Case Report | Case Rep J. 2018;2(1):008 | Open Access
Ogilvie′s Syndrome Resistant to Medical and Endoscopic Management: A Case of the Black Cecum
George A Salem, Marcus A Toschi and William M TierneyPDF
Acute colonic pseudo-obstruction (ACPO), also known as Ogilvie’s Syndrome, is a rare finding of colonic dilatation in the absence of internal and external mechanical obstruction. This can occur after major trauma, orthopedic surgeries, hemorrhage, sepsis, and from many other causes. Typically ACPO can be managed medically with nasogastric tube decompression, repositioning, neostigmine, and endoscopic decompression. Invasive, surgical intervention is rarely needed, but can be justified with concern for bowel necrosis. We present a case of ACPO after traumatic injuries that was resistant to conservative medical therapy. A 67-year-old male presented to the trauma ICU after a fall. The patient developed acute nausea, vomiting, and abdominal pain three days after admission. Abdominal films were concerning for acute colonic distention without evidence of obstruction. Endoscopy was revealing for diffuse necrosis with friable mucosa. The patient was resistant to medical therapy and necessitated hemicolectomy, which showed transmural, ischemic bowel changes, consistent with ACPO. This scenario demonstrates a unique presentation and course of ACPO and impressive endoscopic findings of bowel necrosis.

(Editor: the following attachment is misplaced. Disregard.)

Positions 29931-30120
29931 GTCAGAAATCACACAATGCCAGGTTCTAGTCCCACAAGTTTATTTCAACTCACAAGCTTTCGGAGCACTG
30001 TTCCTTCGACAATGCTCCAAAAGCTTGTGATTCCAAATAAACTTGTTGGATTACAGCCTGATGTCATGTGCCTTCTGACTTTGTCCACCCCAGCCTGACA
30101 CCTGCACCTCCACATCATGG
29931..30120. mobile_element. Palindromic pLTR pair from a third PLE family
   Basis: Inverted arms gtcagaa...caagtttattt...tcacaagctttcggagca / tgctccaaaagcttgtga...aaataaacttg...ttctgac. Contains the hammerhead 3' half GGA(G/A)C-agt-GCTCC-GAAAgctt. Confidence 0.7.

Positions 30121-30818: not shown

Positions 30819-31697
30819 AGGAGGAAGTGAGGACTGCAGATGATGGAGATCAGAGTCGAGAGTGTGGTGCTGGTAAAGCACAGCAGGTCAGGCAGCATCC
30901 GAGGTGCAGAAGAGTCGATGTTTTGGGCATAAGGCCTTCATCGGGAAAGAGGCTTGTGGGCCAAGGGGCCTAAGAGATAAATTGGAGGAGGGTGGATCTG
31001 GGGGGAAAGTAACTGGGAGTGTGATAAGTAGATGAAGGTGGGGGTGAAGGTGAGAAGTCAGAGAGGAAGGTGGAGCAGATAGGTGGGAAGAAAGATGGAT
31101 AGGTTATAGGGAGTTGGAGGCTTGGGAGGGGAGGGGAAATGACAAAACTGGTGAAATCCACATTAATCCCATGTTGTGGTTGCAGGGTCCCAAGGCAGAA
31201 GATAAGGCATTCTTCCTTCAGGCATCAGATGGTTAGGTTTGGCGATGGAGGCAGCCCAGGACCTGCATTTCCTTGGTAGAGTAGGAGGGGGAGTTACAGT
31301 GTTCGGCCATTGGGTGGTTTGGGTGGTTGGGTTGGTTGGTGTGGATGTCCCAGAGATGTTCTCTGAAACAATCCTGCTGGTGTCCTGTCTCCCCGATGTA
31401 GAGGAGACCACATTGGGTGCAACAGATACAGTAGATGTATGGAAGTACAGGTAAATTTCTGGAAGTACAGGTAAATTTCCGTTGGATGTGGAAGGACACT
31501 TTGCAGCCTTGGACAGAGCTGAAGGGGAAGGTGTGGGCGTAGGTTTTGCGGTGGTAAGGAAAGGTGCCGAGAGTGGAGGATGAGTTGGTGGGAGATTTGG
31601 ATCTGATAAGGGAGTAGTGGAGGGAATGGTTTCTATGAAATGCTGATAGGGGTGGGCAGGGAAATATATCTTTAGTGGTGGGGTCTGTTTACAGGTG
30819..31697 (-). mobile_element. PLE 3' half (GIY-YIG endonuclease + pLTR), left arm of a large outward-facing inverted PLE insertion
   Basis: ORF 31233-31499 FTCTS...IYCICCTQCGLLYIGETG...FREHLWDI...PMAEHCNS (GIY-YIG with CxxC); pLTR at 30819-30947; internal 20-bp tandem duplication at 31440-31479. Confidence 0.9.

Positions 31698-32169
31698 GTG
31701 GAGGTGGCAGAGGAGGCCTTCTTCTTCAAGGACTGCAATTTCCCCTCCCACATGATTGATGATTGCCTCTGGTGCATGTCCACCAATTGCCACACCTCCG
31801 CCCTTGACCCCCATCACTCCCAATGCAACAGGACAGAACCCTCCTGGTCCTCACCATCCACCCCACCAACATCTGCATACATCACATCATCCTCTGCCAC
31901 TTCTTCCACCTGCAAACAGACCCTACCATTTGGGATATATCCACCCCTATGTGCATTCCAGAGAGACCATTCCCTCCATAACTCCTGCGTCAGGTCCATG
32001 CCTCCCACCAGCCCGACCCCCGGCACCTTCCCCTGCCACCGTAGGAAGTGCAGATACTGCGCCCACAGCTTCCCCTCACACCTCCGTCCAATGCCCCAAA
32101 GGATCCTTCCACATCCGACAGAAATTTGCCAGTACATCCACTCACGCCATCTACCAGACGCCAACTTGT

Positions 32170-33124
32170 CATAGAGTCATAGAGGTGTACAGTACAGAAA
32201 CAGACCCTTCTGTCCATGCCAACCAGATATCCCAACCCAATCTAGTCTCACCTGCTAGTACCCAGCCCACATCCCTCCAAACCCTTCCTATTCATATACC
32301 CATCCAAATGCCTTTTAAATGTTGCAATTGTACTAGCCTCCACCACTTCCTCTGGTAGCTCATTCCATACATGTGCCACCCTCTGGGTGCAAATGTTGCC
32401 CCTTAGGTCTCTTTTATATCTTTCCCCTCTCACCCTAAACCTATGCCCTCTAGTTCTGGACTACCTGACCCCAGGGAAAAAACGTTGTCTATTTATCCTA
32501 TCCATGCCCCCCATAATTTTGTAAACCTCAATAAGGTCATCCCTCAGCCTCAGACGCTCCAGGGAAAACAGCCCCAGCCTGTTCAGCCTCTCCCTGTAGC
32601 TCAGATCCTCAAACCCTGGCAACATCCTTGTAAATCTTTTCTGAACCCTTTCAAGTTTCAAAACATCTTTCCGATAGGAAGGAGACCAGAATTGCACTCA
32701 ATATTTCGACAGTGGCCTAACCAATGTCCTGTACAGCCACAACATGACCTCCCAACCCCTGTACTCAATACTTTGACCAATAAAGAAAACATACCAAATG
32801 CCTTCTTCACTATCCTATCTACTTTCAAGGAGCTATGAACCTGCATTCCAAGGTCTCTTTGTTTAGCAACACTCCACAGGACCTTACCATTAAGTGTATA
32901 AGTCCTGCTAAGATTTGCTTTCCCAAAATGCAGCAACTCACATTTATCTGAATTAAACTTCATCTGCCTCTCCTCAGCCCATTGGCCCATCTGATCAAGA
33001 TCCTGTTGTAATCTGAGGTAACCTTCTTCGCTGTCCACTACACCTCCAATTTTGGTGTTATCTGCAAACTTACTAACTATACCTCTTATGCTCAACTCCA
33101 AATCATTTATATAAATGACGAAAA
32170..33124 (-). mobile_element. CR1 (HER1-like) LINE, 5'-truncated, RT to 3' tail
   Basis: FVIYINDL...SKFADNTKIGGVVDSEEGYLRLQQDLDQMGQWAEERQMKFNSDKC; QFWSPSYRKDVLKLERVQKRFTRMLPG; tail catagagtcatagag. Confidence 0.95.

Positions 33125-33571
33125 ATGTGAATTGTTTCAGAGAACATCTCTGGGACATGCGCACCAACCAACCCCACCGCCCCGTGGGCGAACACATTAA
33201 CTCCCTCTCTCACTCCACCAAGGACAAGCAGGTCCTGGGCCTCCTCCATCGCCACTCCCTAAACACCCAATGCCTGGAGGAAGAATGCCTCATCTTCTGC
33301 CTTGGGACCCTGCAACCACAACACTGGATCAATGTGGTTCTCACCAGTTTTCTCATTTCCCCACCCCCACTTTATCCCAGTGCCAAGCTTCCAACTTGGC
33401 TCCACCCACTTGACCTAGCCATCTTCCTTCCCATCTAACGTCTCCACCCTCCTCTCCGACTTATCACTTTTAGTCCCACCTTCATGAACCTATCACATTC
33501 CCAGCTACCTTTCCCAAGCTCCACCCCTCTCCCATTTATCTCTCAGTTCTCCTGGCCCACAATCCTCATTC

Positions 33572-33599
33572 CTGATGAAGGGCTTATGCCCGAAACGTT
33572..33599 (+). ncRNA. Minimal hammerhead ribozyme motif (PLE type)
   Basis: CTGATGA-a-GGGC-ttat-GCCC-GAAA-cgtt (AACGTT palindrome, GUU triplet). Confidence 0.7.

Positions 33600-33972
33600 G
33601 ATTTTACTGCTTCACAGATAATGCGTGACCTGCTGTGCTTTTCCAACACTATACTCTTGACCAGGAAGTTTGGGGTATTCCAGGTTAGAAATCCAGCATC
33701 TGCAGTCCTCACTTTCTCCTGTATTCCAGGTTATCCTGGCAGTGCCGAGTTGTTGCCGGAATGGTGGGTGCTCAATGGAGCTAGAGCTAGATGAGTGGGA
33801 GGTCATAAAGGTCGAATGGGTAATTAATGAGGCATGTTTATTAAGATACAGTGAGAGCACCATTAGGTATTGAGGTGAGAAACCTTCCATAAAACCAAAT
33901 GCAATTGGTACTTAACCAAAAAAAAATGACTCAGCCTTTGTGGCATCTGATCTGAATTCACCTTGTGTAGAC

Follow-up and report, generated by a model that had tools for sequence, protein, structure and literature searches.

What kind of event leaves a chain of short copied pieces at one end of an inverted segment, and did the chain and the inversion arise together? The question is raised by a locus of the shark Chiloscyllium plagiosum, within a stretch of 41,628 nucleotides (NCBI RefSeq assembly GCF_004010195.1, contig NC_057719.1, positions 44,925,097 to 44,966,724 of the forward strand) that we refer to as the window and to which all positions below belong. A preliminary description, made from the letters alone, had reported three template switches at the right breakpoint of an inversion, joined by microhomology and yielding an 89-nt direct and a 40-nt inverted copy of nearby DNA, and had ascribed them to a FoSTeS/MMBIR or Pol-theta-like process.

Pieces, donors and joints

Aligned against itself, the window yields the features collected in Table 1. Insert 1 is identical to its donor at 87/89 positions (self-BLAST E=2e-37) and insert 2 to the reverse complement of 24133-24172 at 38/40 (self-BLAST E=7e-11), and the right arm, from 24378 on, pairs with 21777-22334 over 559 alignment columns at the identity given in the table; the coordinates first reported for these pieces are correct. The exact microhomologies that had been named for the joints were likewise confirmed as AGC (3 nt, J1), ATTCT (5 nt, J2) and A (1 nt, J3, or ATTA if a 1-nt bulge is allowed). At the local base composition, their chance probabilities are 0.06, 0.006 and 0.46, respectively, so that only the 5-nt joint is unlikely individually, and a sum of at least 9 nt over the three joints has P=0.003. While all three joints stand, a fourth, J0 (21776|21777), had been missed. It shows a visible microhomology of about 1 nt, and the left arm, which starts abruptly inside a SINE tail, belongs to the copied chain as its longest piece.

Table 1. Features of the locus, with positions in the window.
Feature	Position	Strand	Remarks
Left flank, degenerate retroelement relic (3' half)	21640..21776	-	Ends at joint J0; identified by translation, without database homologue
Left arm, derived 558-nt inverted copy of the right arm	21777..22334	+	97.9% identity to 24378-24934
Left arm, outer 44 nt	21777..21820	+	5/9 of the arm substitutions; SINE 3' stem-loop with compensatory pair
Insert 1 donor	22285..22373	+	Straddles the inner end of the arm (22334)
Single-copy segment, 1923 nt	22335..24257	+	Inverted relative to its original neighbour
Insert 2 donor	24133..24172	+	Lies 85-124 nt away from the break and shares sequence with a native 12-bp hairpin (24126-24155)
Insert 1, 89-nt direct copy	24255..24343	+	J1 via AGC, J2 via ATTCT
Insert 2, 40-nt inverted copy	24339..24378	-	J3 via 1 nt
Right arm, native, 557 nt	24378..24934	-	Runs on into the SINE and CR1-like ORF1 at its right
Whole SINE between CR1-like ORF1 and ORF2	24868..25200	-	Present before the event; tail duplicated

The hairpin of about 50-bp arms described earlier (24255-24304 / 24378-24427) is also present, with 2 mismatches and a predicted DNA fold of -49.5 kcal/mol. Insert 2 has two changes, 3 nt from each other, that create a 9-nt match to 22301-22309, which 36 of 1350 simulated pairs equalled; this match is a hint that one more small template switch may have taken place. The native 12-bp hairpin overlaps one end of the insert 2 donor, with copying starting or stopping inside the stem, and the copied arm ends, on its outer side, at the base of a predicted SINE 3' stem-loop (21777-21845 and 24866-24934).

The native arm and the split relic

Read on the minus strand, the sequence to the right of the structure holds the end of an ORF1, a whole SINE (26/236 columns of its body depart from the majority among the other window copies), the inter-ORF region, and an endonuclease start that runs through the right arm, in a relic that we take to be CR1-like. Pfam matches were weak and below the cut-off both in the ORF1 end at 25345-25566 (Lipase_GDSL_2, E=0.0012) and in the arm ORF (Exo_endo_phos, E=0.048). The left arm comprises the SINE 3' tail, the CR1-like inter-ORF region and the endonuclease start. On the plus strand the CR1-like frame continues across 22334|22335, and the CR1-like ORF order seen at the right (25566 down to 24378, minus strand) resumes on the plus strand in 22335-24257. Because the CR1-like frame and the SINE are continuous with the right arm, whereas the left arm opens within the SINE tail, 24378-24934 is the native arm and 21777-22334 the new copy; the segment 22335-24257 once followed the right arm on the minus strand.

Keywords: Endoscopy; Obstruction; Ogilvie’s; Ischemia
Citation: Salem GA, Toschi MA, Tierney WM. Ogilvie’s Syndrome Resistant to Medical and Endoscopic Management: A Case of the Black Cecum. Case Rep J. 2018;2(1):008